The Number of High-Ranking Blacks in the NYPD Stagnates at 28


Figure revealed at a City Council hearing detailed the racial makeup of the New York Police Department's top command and underlined the challenges of maintaining a large urban police force whose members reflect the racial makeup of the city they patrol. The New York Times said the new figures show that the number of blacks among the roughly 700 officers who make up the department's top tier – in the ranks of captain and higher – has remained unchanged from 2002 through 2007: 28.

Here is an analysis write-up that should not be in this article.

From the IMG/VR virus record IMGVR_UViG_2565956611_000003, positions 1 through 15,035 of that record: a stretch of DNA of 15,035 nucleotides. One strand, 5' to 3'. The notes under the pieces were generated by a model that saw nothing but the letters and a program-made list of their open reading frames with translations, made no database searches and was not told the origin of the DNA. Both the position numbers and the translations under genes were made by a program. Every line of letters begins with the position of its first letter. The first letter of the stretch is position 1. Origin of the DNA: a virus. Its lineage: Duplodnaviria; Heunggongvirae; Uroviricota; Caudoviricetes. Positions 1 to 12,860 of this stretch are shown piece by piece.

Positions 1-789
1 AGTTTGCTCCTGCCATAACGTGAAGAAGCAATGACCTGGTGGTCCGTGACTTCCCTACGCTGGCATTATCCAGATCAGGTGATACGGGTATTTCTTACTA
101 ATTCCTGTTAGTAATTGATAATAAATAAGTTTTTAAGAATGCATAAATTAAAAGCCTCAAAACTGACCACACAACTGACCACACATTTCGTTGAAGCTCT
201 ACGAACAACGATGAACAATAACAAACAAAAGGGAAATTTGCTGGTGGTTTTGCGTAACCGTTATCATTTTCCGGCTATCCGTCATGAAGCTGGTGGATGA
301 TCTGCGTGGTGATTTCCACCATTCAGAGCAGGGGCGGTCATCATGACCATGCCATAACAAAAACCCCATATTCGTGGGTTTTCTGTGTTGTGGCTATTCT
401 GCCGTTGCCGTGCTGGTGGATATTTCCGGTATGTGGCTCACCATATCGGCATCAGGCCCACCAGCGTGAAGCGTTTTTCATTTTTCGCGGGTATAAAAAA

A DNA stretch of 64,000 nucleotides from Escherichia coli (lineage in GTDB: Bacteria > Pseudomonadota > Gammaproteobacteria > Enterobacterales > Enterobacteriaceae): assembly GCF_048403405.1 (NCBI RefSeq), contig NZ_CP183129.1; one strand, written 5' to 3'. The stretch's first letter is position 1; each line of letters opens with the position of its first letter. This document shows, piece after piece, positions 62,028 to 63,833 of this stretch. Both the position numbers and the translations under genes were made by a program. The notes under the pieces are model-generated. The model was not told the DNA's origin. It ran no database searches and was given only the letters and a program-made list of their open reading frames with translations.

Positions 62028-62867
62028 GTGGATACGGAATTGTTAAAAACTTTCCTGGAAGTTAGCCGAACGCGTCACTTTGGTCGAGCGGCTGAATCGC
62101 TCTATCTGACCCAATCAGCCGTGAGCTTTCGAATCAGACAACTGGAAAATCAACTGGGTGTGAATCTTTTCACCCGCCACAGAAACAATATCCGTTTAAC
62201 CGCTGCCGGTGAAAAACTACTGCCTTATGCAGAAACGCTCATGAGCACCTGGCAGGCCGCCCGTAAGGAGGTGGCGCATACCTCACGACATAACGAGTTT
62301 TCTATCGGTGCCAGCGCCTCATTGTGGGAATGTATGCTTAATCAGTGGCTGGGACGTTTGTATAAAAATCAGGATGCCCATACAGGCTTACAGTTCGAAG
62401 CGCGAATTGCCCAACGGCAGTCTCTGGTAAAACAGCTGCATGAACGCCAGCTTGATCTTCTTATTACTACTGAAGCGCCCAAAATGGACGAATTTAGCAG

Despite that stagnation, Police Commissioner Raymond W. Kelly says he has promoted blacks in greater numbers and at a faster pace than he has promoted members of any other racial or ethnic group. As a rule, civil service exams control promotions up to the rank of captain. Promotions above the rank of captain are discretionary, and Kelly uses the pool of captains to staff his executive corps, from deputy inspector up to chief. Today, more than 50 percent of the blacks in the upper tier are in the discretionary ranks above captain: of the 28 blacks in the rank of captain and above, 12 are captains and 16 are in higher-ranking positions. Of the 48 Hispanics in the rank of captain and above, 32 are captains and 16 are at higher ranks. For Asian-American officers, 8 are captains and 3 rank above captain.


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